I didn’t even know about basketball at the time. Like, I wasn’t interested in it. I just wasn’t anything. Also, I didn’t even know Rip City existed at that point.

Yeah. Now you know Rip City exists. Now you know basketball exists. And, now you know MS exists. That’s pretty crazy. All of them. And, we used to run together. Do you remember the last time I ran faster than you?

At Disneyland and I felt so sorry.

I felt so sorry because you were crying because you got so upset.


You got so upset because I ran faster, because I could not run very fast even back then. But for some reason, I had a lot of energy that day, and I ran faster.

You were wearing your electric brace!

I was wearing my electric brace, and it may be run faster than you. And you got so upset and you were crying.


Hah! All right. So, let’s talk about Bike MS. Does that sound good? Can you tell me what Bike MS is? Do you know what Bike MS is?

It’s where you bike to try and earn money to fight against MS. It’s where you, like, you bike and just celebrate and just try to get rid of MS.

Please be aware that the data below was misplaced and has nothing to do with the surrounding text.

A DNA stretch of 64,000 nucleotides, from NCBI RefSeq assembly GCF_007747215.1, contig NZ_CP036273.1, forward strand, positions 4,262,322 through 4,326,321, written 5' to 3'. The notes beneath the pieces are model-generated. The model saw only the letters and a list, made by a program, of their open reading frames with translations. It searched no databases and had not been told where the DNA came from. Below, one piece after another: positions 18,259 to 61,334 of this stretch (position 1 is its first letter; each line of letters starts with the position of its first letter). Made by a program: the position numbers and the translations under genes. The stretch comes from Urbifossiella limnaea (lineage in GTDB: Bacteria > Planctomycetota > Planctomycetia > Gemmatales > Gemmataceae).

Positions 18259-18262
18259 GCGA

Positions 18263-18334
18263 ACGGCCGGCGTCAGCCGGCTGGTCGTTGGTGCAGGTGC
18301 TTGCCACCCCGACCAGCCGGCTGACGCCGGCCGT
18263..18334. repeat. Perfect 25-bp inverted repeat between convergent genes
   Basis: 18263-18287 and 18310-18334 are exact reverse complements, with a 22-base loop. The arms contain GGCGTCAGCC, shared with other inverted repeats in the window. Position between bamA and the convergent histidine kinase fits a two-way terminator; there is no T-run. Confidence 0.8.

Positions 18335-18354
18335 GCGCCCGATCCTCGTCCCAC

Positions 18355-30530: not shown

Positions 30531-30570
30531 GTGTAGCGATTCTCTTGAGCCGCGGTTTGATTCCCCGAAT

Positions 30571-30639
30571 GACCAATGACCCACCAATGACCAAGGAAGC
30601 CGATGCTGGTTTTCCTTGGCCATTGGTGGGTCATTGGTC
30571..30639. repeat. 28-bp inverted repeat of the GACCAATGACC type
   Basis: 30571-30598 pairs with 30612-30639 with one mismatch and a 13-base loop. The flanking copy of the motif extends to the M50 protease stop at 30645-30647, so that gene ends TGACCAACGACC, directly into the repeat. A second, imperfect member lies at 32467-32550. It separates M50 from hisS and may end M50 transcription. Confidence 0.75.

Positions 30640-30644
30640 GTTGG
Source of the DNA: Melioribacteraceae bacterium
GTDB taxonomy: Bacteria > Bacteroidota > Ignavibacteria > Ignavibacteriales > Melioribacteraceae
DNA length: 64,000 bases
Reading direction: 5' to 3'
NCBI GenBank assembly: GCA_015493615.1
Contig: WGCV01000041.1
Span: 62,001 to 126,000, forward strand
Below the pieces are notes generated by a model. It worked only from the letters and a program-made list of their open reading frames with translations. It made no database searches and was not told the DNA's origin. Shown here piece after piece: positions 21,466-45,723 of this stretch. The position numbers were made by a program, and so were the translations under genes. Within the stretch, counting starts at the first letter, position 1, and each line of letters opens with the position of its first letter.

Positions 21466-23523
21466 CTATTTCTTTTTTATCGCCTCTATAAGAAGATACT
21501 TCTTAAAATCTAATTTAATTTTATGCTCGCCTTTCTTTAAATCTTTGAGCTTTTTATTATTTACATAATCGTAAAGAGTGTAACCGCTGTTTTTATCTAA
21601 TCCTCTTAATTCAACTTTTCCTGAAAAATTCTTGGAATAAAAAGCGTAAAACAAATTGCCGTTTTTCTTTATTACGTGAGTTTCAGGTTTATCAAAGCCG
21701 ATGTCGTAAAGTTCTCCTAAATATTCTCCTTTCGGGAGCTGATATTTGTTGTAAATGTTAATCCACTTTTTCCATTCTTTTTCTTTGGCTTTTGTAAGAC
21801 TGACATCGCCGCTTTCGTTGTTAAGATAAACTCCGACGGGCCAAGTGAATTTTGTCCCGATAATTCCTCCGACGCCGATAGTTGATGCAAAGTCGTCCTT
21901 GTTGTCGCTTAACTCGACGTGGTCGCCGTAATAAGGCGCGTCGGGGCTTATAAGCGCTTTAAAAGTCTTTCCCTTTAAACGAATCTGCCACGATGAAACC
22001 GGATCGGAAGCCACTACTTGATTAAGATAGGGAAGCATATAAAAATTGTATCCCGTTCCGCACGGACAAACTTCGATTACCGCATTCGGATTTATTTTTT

That’s a pretty good description.

That’s why I bike a lot.

That is why you bike a lot.

That’s one of the reasons why I bike A LOT.

Because you are one of the number one fundraisers and pretty soon, in just a few years, you’ll be… What’s that?

I’m in third-place.

So right now, you’re in first place.

[Look of surprise]

The only person, the only person who is really close to you is Chris Crawford, but were going to get people to raise a lot of money so we can be in first place. What do you think about that?

Wait, so I’m in second place or I’m in first place?

You’re in first place right now and we want to keep you in first place. You are in first place by about $400.

[It is impossible to describe the look she gave]